Urban Cinefile  
 The World of Film in Australia - on the Internet Updated Tuesday September 15, 2020 


With Somalian pirates going gangbusters on the gangplanks of modern cargo ships and Swedish Pirate Bay movie and music site found guilty of online piracy all crowding the news, it’s a little unnerving to think that the romanticised notion of buccaneering pirates is being used to bolster the image of thieves. Piracy is theft, even on the internet, I maintain. By Andrew L. Urban.

If the Swedish cowboys who were tried for their massive money making piracy could just take their heads out of their own bums for a minute, they might hear what the world is telling them: you’re thieves.

Imagine if their mums formed a collective and baked loaves of bread to sell to their community and I strolled up and took a dozen or three without paying, handing them out to family and friends. And then I went back and did it again, day after day, week after week. I do not buy the argument that things are different because on the internet. Morality doesn’t change with technology; technology should improve not destroy the value of creative enterprise.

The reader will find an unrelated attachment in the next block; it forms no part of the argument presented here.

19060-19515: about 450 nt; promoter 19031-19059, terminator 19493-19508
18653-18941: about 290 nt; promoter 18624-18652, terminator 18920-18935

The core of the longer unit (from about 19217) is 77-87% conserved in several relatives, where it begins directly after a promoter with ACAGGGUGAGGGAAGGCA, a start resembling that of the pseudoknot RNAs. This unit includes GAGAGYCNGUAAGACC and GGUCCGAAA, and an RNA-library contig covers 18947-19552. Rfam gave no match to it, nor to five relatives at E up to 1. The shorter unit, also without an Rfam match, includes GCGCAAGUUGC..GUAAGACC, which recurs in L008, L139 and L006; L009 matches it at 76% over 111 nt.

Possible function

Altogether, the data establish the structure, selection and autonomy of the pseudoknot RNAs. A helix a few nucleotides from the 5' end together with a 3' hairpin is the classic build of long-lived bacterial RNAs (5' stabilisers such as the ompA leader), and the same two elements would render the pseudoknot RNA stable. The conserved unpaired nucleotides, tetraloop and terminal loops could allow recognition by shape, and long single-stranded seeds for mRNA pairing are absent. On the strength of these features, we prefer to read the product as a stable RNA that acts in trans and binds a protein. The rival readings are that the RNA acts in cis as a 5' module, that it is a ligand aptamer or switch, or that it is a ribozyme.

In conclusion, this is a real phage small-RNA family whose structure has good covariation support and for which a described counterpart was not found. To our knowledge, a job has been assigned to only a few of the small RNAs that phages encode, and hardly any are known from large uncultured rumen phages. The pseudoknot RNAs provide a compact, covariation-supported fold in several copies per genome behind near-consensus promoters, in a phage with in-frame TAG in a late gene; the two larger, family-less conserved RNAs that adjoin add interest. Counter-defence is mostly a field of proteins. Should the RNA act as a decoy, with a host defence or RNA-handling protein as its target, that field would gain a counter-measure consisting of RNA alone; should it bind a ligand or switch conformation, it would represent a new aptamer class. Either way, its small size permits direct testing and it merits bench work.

And by the way, our friends at Screen Hub might wish to clarify their comment in last Friday’s edition, when writing about the Swedish case thus: “This line from IMDB News left us gasping – “Lawyers for the four men convicted in the Pirate Bay case in Sweden said . . . that they will demand a retrial following revelations that the judge had been a member of three copyright-protection organizations.” He said it didn’t affect his judgement, but even the Swedish Director of Public Prosecutions had to admit it was not a good look.”

How is this a bad look? Copyright protection organisations are supporting the rule of law, are they not? Judges are also members of professional legal organisations and that doesn’t disqualify them from passing sentence on criminals. They are SUPPOSED to be biased in favour of the law.

Email this article

© Urban Cinefile 1997 - 2020